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31 August 2017

France: Government unveils its plans to overhaul the Labour Code

On 31 August, the French Government published the fruits of its work over the summer months – five decrees laying out far-reaching reforms to the Labour Code.

The main points of tension between the Government and the trade unions relate to social dialogue within companies, the merger of staff representative bodies and the capping of compensation for unfair dismissal.

Social dialogue: the Government has confirmed that, in companies with fewer than 50 workers, employers will in future be able to conduct negotiations with a staff representative who is not affiliated with a trade union.

Merger of staff representative bodies: the Government’s decrees confirm that the merger of staff representative bodies will be going ahead, meaning that Health, Safety and Working Conditions Committees will disappear and their tasks will instead be entrusted to a single employee representative body known as the Social and Economic Committee. Companies employing more than 300 workers will, however, be obliged to appoint a Health, Safety and Working Conditions Commission; the same is true for smaller companies in the nuclear sector and those liable under the Seveso Directive.

Compensation for unfair dismissal: employment tribunals will be obliged to award sliding-scale compensation in cases where employers are found guilty of unfair dismissal, capped at one month’s pay for employees who have worked for the company for less than two years and three months’ pay for those who have been there two years or more, up to a maximum of 20 months’ pay for anyone with a 30‑year record of employment at the same company. This contrasts with the previous situation, in which awards of compensation started at six months’ pay. In return, statutory severance payments will be increased from the current one fifth to one quarter of one months’ pay for each year of service.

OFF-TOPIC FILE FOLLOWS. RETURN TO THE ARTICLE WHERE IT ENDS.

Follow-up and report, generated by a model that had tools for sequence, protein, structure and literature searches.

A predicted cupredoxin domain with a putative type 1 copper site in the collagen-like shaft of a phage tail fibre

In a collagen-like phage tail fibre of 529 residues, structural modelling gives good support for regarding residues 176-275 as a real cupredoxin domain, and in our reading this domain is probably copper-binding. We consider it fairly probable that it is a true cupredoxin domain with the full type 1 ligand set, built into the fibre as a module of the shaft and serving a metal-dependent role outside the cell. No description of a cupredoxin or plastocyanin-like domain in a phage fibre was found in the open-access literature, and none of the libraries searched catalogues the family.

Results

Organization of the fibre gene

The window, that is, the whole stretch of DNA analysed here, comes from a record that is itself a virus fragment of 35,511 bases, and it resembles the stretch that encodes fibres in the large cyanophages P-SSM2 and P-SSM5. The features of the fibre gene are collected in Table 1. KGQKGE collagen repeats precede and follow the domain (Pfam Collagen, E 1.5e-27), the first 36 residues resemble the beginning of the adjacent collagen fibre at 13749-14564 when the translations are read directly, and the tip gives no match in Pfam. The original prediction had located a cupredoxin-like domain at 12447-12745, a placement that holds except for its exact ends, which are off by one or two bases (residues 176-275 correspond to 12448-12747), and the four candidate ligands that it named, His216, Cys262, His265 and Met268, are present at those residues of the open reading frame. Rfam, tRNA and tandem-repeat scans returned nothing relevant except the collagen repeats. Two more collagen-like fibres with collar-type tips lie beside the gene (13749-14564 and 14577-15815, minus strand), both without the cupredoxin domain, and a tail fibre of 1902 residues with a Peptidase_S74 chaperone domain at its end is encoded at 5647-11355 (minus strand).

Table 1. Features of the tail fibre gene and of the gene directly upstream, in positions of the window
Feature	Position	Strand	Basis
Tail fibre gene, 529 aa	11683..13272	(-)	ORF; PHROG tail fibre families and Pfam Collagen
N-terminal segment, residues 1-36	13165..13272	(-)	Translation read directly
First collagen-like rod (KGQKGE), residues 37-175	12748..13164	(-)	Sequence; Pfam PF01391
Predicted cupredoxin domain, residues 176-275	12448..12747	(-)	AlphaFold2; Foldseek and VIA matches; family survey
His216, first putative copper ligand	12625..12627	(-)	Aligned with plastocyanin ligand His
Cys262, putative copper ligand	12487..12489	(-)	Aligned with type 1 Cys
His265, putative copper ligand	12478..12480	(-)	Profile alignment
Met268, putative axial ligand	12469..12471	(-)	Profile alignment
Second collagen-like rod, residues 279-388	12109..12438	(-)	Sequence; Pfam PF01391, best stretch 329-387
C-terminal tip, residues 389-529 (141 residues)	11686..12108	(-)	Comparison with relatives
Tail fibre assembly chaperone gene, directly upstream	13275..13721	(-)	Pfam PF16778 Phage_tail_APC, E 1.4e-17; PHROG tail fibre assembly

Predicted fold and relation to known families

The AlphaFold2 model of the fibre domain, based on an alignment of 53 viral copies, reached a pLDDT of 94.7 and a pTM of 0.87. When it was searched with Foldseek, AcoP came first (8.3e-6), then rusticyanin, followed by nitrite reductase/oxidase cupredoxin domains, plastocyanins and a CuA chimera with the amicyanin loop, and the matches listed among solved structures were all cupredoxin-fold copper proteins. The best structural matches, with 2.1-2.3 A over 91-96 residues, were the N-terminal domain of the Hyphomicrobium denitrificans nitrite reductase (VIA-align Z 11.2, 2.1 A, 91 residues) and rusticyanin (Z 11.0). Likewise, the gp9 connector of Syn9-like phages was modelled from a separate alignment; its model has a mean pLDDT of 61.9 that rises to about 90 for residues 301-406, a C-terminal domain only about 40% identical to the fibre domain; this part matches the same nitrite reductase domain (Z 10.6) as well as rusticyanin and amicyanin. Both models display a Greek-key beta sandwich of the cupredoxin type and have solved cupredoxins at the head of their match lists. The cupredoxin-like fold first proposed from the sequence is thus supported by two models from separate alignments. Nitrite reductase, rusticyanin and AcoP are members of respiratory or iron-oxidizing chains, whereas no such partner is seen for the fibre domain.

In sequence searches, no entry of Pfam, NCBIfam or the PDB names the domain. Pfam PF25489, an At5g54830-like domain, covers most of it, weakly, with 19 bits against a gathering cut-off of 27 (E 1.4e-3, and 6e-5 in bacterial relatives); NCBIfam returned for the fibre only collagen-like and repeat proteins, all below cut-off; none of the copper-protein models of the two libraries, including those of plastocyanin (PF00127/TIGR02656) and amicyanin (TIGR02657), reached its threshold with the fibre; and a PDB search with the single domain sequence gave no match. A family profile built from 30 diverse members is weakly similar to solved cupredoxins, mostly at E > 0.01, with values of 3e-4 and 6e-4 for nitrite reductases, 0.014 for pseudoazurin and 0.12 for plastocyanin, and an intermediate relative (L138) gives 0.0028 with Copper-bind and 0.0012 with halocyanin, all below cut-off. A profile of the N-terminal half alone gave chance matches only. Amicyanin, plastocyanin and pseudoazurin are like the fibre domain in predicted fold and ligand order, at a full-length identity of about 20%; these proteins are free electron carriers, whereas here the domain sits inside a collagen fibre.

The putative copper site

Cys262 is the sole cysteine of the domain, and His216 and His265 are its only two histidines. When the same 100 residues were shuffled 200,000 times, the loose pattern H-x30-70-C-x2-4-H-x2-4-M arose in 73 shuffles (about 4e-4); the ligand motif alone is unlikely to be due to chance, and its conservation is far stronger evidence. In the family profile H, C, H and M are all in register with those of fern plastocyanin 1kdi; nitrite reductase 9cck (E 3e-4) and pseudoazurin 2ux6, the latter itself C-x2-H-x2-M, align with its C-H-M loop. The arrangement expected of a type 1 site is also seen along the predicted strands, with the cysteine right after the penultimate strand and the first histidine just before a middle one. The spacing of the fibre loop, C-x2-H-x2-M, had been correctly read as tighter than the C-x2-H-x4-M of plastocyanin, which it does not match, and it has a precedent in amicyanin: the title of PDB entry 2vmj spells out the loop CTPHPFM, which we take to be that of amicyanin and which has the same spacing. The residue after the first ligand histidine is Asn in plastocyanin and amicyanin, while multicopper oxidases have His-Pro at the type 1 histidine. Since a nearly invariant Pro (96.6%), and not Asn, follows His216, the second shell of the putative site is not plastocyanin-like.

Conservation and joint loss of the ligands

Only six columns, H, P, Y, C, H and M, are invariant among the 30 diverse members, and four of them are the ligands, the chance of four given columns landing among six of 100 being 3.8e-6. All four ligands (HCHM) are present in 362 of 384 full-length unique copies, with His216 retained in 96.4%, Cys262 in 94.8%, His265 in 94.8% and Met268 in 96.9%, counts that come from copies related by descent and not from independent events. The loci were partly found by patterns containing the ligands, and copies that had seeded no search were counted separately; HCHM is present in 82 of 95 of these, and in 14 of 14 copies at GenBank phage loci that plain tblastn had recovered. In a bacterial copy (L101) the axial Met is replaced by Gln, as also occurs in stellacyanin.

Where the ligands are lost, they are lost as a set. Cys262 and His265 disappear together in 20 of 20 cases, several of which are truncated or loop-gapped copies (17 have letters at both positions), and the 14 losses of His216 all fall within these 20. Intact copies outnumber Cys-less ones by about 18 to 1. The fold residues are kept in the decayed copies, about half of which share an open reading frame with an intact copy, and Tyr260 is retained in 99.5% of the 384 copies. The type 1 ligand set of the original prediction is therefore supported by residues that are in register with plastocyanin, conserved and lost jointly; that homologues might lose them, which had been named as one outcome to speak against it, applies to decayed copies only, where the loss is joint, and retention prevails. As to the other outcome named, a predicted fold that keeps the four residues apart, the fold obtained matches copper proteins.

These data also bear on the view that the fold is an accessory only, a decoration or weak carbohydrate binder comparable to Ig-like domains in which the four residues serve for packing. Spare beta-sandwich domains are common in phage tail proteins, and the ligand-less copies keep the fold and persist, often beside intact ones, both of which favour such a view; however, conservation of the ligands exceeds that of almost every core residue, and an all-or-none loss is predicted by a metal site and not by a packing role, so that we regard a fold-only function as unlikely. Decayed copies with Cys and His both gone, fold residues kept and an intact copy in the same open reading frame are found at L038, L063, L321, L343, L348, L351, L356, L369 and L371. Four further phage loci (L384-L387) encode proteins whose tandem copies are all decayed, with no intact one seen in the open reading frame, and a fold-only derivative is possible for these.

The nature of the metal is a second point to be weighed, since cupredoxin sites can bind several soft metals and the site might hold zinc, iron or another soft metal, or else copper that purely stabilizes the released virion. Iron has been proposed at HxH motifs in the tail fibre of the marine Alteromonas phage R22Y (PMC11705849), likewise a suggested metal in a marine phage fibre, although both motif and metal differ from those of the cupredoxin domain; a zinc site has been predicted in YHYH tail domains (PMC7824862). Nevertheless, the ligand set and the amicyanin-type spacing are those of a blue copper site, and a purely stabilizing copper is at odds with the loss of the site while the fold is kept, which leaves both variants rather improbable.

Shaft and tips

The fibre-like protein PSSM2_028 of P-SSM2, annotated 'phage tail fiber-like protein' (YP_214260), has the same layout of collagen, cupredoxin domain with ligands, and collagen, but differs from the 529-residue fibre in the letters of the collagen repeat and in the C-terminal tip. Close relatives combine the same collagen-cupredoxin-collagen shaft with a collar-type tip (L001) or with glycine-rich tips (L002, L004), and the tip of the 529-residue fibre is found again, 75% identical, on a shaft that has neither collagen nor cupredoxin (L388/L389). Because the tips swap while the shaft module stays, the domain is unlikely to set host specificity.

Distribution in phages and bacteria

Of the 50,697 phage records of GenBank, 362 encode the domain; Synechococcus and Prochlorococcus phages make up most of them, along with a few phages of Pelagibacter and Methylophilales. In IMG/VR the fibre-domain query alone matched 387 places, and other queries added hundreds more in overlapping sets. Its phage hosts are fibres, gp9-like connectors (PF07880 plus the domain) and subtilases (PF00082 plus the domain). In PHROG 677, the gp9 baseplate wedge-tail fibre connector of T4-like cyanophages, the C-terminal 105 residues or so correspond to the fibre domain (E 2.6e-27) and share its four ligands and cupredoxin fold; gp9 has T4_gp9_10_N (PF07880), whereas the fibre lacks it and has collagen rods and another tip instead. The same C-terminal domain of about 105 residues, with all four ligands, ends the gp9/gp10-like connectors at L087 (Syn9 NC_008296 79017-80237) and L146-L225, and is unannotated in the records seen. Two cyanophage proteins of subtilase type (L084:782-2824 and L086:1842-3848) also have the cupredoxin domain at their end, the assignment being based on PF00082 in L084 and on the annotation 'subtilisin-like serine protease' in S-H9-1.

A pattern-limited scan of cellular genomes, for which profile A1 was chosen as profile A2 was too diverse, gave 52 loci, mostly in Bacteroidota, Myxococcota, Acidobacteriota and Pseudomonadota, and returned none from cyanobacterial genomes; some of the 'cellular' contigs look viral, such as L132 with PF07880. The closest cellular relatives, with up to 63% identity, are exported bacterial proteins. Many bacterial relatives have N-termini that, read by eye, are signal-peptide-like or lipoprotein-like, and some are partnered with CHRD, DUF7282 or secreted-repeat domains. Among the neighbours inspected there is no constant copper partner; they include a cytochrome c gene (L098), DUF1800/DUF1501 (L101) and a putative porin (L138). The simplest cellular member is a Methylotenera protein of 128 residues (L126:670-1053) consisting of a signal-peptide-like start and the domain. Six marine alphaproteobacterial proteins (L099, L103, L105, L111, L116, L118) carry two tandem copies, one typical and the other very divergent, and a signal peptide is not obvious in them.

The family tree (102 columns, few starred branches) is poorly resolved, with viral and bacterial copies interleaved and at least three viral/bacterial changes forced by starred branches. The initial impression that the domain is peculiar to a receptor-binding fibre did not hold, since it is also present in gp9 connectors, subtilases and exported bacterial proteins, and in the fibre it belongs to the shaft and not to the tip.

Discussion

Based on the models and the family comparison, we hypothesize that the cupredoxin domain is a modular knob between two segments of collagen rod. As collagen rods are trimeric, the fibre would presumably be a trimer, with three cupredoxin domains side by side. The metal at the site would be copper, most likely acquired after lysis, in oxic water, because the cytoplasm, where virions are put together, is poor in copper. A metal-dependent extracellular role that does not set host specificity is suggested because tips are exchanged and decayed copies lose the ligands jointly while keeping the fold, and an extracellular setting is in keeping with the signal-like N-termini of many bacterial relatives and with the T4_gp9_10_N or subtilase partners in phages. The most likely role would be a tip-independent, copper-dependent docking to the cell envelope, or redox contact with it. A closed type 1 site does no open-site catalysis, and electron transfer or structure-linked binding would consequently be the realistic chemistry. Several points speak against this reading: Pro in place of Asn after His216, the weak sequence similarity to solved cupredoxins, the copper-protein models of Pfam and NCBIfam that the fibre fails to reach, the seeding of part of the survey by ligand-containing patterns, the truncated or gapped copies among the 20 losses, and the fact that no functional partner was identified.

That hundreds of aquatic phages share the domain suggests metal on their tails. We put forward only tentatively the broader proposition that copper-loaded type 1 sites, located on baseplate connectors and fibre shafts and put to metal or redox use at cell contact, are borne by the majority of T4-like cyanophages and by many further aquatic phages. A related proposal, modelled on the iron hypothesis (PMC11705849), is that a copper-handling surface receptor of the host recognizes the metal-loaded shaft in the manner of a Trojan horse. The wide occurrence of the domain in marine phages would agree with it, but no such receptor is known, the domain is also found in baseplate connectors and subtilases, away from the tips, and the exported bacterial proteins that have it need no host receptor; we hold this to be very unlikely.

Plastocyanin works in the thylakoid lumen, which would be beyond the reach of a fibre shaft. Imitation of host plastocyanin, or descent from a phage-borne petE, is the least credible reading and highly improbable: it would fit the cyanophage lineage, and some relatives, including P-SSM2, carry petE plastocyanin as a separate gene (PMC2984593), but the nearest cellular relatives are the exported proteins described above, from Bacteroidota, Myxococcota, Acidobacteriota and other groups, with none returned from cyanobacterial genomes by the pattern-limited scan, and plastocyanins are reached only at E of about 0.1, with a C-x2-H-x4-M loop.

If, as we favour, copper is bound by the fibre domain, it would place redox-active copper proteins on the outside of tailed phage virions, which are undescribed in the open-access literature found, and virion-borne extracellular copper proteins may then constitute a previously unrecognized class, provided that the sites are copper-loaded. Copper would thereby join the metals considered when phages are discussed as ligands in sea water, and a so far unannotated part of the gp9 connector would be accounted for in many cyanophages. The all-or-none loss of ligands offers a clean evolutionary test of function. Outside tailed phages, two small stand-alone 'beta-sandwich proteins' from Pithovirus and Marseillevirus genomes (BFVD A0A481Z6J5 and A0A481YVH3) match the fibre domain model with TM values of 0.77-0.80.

Trade union responses to the decrees published by the Government have been mixed.

The General Confederation of Labour (CGT) criticised the reform in strong tones: according to Philippe Martinez, CGT Secretary-General, ‘All of our worst fears have been confirmed. (…) This means the end of the employment contract.’ The CGT made fresh calls for a day of strikes and demonstrations on 12 September 2017.

Laurent Berger, Secretary-General of the French Democratic Confederation of Labour (CFDT), told the newspaper Le Monde that the Government had ‘missed the boat’, before going on to say that ‘The impression we get is that the Government is trying to do the bare minimum necessary to recognise the role played by trade unions, while at the same time depriving them of the means to take action.’

Workers’ Force (Force Ouvrière, FO) has not yet made clear its final position, saying that it needs more time to examine the texts in their entirety. Shortly before the decrees were published, Jean-Claude Mailly (FO Secretary-General) welcomed the ‘genuine dialogue’ which had been established with the Government.

 

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